Mental Health Act 1959

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Our current understanding of poor mental health remains fragmented. After decades of devotion by many noted scholars, our comprehension is far beyond that of previous generations but with 450 million people currently suffering poor mental health, approximately 1 in every 4 adults (World Health Organisation, 2001) and 68% of women and 57% of men with a mental illness being parents (Royal College of Psychiatrists, 2012) it is vital that we continue to explore the realities faced as well as the known and expected outcomes of those affected. Despite our enhanced awareness and increased compassion over previous generations, there is still a great deal of misunderstanding and stigma attached to parental mental ill health which has led to my personal…show more content…
When this was not possible and treatment could not be avoided or agreed upon by the patient, a legal framework was put in place to safeguard the patient 's best interests. There was also a sharp decline in treatment taking place within institutions such as hospitals wherever possible with the alternative of care in the community becoming the norm and ideal.

“With the support of the National Association of Mental Health (NAMH), the 1959 Act also abolished the mental health definition “moral imbecile” which had previously been assigned to mothers of children born out of wedlock, particularly those who had born children with multiple partners.” (Neville, K. 2014)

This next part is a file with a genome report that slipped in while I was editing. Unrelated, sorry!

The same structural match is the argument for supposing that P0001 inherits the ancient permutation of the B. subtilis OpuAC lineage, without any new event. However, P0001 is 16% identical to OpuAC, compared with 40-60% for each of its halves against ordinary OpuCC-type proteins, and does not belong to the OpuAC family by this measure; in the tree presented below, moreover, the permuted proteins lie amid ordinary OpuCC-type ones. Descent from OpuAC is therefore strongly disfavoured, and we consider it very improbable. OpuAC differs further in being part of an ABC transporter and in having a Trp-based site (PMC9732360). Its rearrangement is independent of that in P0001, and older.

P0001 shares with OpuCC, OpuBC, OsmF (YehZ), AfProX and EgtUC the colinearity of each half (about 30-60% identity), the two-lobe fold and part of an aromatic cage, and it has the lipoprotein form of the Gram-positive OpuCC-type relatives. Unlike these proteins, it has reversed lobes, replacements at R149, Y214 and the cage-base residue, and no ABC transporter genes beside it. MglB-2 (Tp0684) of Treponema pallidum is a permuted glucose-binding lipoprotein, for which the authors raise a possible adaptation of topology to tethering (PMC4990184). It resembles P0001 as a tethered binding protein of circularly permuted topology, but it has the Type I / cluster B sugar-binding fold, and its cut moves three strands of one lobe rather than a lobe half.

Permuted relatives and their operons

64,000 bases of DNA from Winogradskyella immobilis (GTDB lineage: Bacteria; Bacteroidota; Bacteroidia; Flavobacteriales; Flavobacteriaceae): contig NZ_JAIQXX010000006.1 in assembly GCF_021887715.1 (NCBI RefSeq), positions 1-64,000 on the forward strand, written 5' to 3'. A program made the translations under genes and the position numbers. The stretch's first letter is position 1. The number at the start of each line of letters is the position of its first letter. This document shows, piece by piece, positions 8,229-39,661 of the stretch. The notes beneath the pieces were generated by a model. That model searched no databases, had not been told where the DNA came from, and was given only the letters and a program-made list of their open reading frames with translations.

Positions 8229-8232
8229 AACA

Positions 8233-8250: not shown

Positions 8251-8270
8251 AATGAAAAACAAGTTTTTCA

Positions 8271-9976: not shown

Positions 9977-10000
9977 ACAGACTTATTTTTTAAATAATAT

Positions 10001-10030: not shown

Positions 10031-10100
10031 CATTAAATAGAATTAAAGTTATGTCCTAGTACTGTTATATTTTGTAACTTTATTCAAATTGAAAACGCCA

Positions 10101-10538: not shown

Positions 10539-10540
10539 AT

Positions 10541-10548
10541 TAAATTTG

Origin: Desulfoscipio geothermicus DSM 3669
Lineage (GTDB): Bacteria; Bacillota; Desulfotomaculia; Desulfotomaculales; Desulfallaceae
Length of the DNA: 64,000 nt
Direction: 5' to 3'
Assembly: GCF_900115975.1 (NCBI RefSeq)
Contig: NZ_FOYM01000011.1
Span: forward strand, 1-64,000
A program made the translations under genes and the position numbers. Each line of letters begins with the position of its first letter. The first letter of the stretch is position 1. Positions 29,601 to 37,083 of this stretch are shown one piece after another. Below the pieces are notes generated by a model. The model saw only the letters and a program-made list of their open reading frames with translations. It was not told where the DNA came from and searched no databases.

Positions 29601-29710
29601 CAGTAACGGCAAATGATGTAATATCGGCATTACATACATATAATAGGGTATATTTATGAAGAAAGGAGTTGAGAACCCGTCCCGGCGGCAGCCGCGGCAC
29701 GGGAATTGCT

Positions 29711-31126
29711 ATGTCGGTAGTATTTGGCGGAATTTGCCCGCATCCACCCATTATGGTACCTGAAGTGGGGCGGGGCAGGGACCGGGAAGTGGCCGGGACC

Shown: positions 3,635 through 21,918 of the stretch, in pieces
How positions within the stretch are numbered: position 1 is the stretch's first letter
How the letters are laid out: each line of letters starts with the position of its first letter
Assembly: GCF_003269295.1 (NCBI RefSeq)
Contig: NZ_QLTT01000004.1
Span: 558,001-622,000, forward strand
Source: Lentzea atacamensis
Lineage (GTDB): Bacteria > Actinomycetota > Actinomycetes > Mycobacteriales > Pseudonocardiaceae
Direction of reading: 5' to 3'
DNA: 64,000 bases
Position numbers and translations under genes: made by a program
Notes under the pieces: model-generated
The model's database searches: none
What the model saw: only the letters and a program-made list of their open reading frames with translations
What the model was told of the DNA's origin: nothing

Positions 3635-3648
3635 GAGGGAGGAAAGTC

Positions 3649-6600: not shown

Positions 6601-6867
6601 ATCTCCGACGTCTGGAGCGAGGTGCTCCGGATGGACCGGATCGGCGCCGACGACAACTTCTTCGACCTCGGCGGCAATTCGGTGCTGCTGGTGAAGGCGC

Though ‘The Mental Health Act 1959’ was a major piece of legislation which changed legal policy regarding those suffering with poor mental health and began reducing the oppressive language and attitude of previous policies, it lacked the needed exactitude which resulted in the ‘Mental Health Act 1983’ which provided clarity on issues such as whether detention in hospital due to mental health issues granted the treatment provider 's authority to impose treatment such as medication and electroshock therapy. The most recent revision of this law was the ‘Mental Health Act

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